People’s Park in the Sky: On Top of the World!
The People’s Park in the Sky is formerly named as the Palace in the Sky, an unfinished mansion of former president Ferdinand Marcos. It was built as a guesthouse for former US President Ronald Reagan and his wife, but their visit did not push through. Today, it has become a popular destination of people who are looking for some sightseeing and who want a good view of the Taal Volcano.
The place is located in a remote part and the highest point of Tagaytay, but there are jeepneys going to the place so travel should not be a problem. During our visit last time, we asked around for directions and were directed to a jeepney terminal around the Olivares area. It’s a little far from the town center but we were able to reach the terminal by foot.
Upon arrival, we looked for the jeepney bound for People’s Park in the Sky and it’s a good thing that the jeepney was already half full—no need to wait for long (the jeepney has to be full before it leaves). The fare was less than 20 pesos per person, and the travel was around 30 minutes (I guess, can’t really remember). The park was at the endmost part of the way, so we were the last passengers to go down the jeepney.
Entrance to the park was 15 pesos. And from the entrance, there was still a long way to walk up. It would have been an easy and enjoyable walk with the refreshing scenery around. But, it was very hot that day and all we really wanted was to reach the park and escape the heat. So, we decided not to walk and to simply take the jeepney that runs from the entrance going up the main park—fare was 40 pesos each and the jeep would not wait for more passengers. The jeepney immediately left upon our boarding it with my friend and me as the only passengers.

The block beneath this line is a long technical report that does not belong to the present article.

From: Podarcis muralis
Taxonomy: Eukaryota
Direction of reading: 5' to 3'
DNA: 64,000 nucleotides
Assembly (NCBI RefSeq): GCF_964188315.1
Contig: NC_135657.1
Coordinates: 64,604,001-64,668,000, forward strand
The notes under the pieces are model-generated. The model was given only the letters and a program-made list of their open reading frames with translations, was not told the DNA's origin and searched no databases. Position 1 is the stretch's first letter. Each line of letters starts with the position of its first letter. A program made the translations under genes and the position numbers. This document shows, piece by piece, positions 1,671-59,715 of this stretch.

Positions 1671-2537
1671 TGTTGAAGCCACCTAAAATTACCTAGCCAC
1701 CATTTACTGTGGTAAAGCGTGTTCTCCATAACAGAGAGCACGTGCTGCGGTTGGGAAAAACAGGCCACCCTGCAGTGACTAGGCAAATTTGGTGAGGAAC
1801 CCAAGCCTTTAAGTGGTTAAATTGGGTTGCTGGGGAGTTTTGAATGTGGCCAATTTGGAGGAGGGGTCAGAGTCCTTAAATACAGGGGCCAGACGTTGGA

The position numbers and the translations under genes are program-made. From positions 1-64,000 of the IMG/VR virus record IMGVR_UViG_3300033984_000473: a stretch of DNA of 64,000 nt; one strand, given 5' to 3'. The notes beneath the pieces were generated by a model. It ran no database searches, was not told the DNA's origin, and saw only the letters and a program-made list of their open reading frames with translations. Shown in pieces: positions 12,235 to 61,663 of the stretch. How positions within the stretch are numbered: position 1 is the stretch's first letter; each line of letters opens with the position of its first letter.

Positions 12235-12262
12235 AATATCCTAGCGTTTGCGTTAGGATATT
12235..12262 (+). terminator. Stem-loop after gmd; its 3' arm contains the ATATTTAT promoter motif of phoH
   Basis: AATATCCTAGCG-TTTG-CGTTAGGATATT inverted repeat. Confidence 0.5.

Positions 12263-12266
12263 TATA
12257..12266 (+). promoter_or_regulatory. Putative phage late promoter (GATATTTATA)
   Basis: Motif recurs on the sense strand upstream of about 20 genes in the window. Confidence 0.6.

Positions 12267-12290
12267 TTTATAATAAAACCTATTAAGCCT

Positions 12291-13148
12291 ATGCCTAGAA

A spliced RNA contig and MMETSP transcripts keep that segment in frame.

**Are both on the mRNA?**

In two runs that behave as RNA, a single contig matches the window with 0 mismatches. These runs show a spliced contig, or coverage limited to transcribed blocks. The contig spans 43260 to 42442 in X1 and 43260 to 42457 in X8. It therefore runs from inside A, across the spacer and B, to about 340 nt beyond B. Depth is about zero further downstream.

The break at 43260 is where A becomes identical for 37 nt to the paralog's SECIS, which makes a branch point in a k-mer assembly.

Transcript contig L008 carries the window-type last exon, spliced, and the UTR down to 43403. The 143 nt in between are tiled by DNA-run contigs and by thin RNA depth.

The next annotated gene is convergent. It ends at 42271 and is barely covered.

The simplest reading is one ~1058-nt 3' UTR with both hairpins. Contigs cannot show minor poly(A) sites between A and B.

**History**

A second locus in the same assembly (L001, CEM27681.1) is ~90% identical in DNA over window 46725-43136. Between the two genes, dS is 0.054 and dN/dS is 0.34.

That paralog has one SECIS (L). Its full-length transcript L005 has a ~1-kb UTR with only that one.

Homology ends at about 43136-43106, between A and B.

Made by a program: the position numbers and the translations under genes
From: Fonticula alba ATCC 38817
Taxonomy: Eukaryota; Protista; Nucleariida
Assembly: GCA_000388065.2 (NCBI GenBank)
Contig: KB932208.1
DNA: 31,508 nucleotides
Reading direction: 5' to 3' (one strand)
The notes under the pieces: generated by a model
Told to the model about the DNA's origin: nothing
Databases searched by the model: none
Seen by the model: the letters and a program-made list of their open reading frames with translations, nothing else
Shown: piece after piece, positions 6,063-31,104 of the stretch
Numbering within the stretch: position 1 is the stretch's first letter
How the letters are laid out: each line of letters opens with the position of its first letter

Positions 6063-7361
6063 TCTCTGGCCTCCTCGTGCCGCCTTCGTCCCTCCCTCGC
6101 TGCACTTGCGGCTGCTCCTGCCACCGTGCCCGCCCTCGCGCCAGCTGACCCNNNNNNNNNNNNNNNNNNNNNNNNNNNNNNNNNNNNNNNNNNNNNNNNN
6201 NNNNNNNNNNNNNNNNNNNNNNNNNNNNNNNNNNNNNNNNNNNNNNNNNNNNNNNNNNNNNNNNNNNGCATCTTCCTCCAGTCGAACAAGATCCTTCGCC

First impressions? Clear sky, majestic view, fresh air, green all around—perfect! The first thing that really captured my interest was the breathtaking view—sloping greens and mountains with the road trailing a path like a snake, the Taal volcano and Taal lake in the distance, all against a backdrop of white, fluffy, cumulus clouds and clear blue sky. Well, there’s nothing more to ask for!
Aside from the scenery around, there were also other interesting things to see at the park. There was a section there with so many souvenir items being sold—from bags and hats to the usual key chains and local works of art. There were also cottages to stay on, perfect for a picnic. There were signs indicating that the stay in each cottage costs 100 pesos, but nobody asked us to pay. Maybe they only asked payment during peak seasons or weekends—good thing we went there on a Monday.
There was also a mini amphitheater, which was already dilapidated and looked like it needs some restoration (as with other features in the park). While we were in the cottage, we noticed a number of cats roaming around. And not long after that, they were all around us looking and probably waiting for food. We gave them some of the chicken adobo pandesal that we had back from Sonya’s Garden, and they ate! Cute little pets!
There were other things to see at the park, but we were not able to see everything because it rained. It was just a light rain, but we had no umbrella with us and it got very cold. So, we just decided to sit there and wait out the rain while enjoying the view. But then before we knew it, it was getting dark and the souvenir shops and stores were already closing. Too bad we missed checking out the main mansion.
Before leaving, we went up to the shrine and took some more pictures. Then, we walked down to the entrance gate, only to find it already locked! Good thing we discovered a narrow passage going out, and we were able to leave safely. It was a great and exciting adventure, and the place was great.
It’s just a little old, and the age is already showing—there were rusted railings, and the signage was not anymore complete with some letters already missing. With some restoration and renovation, though, it can be brought back to its original shape.